Booth Registration: Where to Start

1)      How it works:  For non-Booth students, there are two rounds of registration. During these times, you choose your ideal class and section, fill out the registration request form, and click submit. You will receive an email telling you whether you got into your desired course/section at the end of the poll period. Specific deadlines and links to registration polls can be found here.

2)      Finding courses:  The Booth course search site has course schedules, descriptions, and locations, but more importantly has the syllabi for upcoming quarters, course evaluations (with info on every professor, including how much time commitment is expected), and conditions for taking the course (no non-Booth students, no pass/fail, etc.). Course search can be found here.

3)      Submitting registration requests: Registration request forms will allow you to specify the number of classes you want to take (3 max), which courses you want to take, your preferred section, and your second choice of section if the first is full (this is optional). Submitting as early as possible (polls often open the Tuesday before classes start for the quarter) will improve your chances of getting your preferred seats. If you don’t get your preferred choices in the first round, you can submit a request for the second round. Links to the forms can be found at the page linked in #1.  Registration poll forms will only be live during the open enrollment period.

4)      Seat availability reports:  The availability of seats for each section of each course are updated continuously throughout the registration period here. Before submitting your requests, you should check for the newest version to be sure there are seats open in the section you want. If there are only a few spaces available in a course you want, you are encouraged to apply, but know you may not make it.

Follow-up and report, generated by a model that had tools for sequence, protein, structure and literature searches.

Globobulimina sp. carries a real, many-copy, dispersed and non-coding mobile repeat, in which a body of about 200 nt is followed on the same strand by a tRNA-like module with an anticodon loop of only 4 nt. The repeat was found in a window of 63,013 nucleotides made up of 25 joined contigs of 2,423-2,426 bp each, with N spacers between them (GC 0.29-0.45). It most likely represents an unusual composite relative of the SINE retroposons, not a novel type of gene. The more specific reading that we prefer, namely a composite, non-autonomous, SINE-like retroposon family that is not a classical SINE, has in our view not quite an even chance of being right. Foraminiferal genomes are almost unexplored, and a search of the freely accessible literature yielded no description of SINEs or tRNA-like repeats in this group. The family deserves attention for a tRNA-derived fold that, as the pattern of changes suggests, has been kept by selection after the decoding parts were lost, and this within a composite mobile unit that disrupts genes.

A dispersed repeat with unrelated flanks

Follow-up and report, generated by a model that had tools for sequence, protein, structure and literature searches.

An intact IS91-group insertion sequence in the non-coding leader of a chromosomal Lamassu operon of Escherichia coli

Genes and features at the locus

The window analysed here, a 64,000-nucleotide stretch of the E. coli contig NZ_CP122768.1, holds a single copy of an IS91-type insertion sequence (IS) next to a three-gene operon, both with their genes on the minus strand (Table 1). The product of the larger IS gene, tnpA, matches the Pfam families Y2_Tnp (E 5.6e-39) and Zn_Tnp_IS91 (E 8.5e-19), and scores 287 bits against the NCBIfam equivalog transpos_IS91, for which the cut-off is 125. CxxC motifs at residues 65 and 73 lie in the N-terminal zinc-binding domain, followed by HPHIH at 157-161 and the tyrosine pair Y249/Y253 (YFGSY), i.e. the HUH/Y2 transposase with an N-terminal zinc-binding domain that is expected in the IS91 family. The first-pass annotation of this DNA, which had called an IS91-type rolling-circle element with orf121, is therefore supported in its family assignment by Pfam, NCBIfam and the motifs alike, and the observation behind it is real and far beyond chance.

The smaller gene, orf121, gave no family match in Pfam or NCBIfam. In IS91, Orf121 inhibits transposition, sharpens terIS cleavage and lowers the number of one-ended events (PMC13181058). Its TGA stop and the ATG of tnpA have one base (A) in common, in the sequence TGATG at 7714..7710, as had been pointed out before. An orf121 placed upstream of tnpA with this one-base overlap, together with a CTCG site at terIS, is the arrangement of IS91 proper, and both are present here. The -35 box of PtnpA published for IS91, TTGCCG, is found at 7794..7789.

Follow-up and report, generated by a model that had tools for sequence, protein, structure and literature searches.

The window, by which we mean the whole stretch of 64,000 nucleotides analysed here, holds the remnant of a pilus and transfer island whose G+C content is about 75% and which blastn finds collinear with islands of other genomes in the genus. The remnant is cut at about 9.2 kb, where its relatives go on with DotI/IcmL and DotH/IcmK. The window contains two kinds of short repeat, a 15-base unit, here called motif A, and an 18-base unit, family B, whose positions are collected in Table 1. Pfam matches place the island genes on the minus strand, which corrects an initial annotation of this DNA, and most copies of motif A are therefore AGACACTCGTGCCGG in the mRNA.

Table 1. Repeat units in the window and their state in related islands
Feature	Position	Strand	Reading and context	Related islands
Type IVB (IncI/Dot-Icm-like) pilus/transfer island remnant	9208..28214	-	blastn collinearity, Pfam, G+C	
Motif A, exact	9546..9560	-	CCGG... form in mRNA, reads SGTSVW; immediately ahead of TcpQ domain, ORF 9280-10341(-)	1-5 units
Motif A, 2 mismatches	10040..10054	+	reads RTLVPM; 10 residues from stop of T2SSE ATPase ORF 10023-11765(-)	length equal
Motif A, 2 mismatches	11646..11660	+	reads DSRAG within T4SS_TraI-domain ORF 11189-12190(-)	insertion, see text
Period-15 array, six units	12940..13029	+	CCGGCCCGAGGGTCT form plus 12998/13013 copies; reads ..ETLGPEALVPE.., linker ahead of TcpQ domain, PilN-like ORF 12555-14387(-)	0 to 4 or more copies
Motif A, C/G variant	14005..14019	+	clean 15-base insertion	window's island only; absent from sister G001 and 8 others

5)      Prereqs/Permissions: Some classes have prerequisites, some strict, some not (requiring instructor permission to sign up). Some will not allow non-Booth students. This varies by course, but also sometimes by section/instructor. Some courses require instructor permission or a resume to enroll. In short, be sure to check these.

6)      Auditing and Pass/Fail:

  • You can take select classes pass/fail. Courses which can’t be taken pass/fail are denoted under restrictions. To do so, submit a pass/fail form by the end of Week 4.
  • Similarly, some classes can be audited. The requirements for auditors vary by professor, and can range from minimal (show up to class) to equivalent of taking the class (submitting all the homework, participating in discussions, etc.). To audit a course, you must register for the course, then receive written consent (email) from the course instructor, and send this email to the Booth Registrar’s office before the end of the second week of the quarter.

7)      First day of class: Go to class the first day even if you haven’t heard back about your registration yet! Look very closely at the date of the first class, sometimes this is earlier than the start date for the rest of the university. Also, some courses have assignments for the first class.

8)      Dropping a class: To drop a Booth course, send an email to the Booth Registrar’s office. Include your full name, UCID, and the name and number of the course you wish to drop.

9)      Class locations: Classes held during the day Monday-Friday for are held in Harper Center in Hyde Park. Evening and weekend courses are held downtown in the Gleacher Center or NBC Tower. To access NBC Tower, you will need your student ID.

10)   Name tent cards:  Booth students receive fancy cardboard name tents with their name on it. These can be purchased for $2 at the Booth Business Center (Harper Center Room 108). To do so, you must load cash onto your UChicago ID card. The machine to load cash onto your UChicago ID can be found down the hall from the Business Center (across from the cafeteria in a room full of vending machines). The machine you want is a small one, straight ahead when you enter the room. Alternatively, you can (and many people do) make an informal name card for yourself with a Sharpie, but some courses require an official one.